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When my old power meter gave up the ghost, Garmin’s Vector 3 pedals seemed to be the perfect replacement. Little did I know they would be kept working with electrical tape and baby oil. This is a cautionary tale about technology and how to keep from losing all your customers.

Garmin Vector 3 battery door
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See the curl in the tape? That’ll bring your $1200 power measuring device to its knees.

Last fall, my Stages power meter crank gave up the ghost. It became impossible to calibrate and started giving me impossibly high or low numbers. It was a couple of years old and one year past end of warranty so all Stages would do for me is give me a deal on a new one. But it was the second Stages crank that had failed on me (the first was replaced under warranty).

So I looked for other solutions. Garmin’s Vector 3 pedals seemed the perfect choice: no special cleats required, gone were the weird ear lobe attachments on earlier versions. And easier to move from bike to bike.

My local bike store ordered them for me and in March I took them with me on a family vaycay where I snuck in a few rides. They performed flawlessly and were a total no-brainer to configure.

Back in Canada, I got them put on my road bike and off we went. They were better in every way than the crank they replaced. They calibrated faster and gave me more accurate power readings and detail on my pedalling technique.

Some time in early May, the batteries died. I’d been warned that the LR/SR44 batteries they use (chosen no doubt for their form factor) don’t last as long as the more commonly used CR2032s. But I replaced them and thought nothing of it.

The only annoyance was fairly frequent warnings that the power meter battery was low. I took to carrying around a replacement set in my jersey’s valuables pocket just in case that day was the day. Strangely Garmin decided not to make ‘Power meter battery level’ a data field. Instead you have to be around when your head unit throws up the warning message. Otherwise you might be in for a surprise.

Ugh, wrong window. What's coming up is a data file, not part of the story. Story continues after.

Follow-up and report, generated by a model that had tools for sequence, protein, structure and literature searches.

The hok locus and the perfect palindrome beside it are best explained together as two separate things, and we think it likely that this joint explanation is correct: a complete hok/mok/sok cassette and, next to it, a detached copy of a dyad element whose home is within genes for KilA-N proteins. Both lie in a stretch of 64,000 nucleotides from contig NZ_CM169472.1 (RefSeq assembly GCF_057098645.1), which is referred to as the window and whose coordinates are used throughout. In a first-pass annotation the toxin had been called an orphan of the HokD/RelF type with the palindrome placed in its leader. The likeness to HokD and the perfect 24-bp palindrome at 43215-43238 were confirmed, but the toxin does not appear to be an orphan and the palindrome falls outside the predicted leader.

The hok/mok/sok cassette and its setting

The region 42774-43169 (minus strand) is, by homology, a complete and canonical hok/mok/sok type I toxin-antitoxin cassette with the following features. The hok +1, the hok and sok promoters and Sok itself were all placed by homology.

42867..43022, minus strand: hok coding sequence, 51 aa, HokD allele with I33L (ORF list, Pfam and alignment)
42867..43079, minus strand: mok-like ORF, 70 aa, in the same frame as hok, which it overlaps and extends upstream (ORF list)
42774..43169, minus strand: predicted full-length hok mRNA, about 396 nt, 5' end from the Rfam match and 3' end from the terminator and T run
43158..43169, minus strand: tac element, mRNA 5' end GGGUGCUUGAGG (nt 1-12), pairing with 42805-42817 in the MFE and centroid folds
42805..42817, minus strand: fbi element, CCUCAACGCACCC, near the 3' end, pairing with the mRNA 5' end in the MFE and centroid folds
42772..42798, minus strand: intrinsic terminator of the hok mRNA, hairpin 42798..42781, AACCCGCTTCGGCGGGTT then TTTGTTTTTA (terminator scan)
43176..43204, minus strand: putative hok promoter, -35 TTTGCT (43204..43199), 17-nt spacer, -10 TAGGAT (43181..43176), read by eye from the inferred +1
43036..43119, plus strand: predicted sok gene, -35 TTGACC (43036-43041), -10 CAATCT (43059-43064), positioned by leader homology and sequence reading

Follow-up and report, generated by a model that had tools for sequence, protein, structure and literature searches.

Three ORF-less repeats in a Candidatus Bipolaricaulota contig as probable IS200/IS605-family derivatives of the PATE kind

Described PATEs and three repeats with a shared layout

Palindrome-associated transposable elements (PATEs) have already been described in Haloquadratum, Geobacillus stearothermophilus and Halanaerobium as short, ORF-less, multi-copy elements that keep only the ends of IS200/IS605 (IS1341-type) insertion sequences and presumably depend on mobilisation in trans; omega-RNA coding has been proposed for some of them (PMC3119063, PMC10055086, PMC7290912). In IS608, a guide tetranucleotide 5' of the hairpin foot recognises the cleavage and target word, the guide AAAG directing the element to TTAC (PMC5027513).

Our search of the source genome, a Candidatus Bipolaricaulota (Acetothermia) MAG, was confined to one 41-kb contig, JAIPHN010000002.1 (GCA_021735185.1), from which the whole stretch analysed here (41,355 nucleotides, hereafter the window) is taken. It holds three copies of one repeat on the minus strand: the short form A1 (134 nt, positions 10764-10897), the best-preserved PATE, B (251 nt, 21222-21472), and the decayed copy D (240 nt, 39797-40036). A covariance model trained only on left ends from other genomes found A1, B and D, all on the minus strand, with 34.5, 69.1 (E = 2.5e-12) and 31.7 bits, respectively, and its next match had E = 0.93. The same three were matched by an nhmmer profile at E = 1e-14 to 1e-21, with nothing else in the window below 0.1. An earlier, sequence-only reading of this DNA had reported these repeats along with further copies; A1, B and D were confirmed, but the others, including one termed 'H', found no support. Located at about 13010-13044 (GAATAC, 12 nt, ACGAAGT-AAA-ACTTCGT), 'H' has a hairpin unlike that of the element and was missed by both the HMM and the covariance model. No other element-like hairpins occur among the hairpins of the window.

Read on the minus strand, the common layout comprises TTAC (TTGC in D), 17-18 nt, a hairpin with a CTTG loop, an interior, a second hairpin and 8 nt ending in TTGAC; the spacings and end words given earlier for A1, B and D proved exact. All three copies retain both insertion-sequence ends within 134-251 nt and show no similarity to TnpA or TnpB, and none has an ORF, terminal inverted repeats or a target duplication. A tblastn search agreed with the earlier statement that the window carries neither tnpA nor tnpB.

Despite the warnings, the batteries didn’t die.

Things didn’t really go south until about 100km into the Rideau Lakes Cycle Tour. This is a big event for me, and it’s the sort of day where I really want everything to work well and really need power numbers so that I don’t flame out or fall off my pace. But the power meter started dropping out.

I reckoned this was because the batteries were low. I thought this strange because my first set had lasted twice as long. Maybe, I reckoned, I’m doing more riding than in March and April. I had brought a spare set and reckoned I’d swap them when I got to Kingston.

Right power sensor missing

I replaced the batteries and, because my head unit was powered-up and nearby, immediately heard warning beeps and saw “Right power sensor missing” messages. I didn’t think much of it because, having just taken the power away from the right sensor, it seemed normal that the unit would lose touch with it.

But the next day the pedals started misbehaving almost immediately. “Right sensor missing” messages popped up frequently. And power readings that were around 48 per cent of what I was actually doing. Again about 100km in, the power meter started cutting out entirely. It would come back after increasingly long absences often announcing its return by recording a power spike that would make André Greipel blush.

I recalibrated it. I deleted and re-added it to my head unit’s sensor list. No effect. “That’s it, I thought. I’m never buying batteries from The Source again.” What else could it be but bad batteries?

When I got home I found out. The whole darned mechanism is kept running with electrical tape. A tiny piece of electrical tape that insulates the batteries from the metal bit that completes the circuit. And if the tape peels away, or gets creased, exposing the connection point, the battery short circuits the whole unit and away it goes.

But wait there’s more. The nickel coating on the two batteries, comes off in a fine black powder when the batteries rub together, like say, when they’re rattling along hundreds of kilometres of rough road. Vibration. On a bike. Who would have imagined. And that black powder? An insulator that breaks the circuit if there’s enough of it. Fretting they call it.

Garmin prescribes baby oil for ‘fretting’

The solution? A drop of baby oil between the two cells. Yes. You read that right.

How did I discover this? I W88read it on Garmin’s website. Plus they sent an email to the known owners of the pedals.

Despite the fact that they took an early prototype product, put it in shiny packaging, published the marketing material and shipped it around the world as ‘fit for public consumption’, they’ve been fairly candid and open about the Vector 3’s “still to do” aspects. They are contacting all owners of the pedals and offering to give them new battery doors.

And when I contacted Garmin support, they very quickly put a new set of battery doors on order for me. They haven’t arrived yet. They suggested it’ll be weeks. But meanwhile I have instructions on how to keep using the pedals until they get here.

I rode once yesterday without incident. I rode again today without cleaning, oiling and fixing the tape today and started getting dropout-spike cycles again. Such precious flowers these pedals.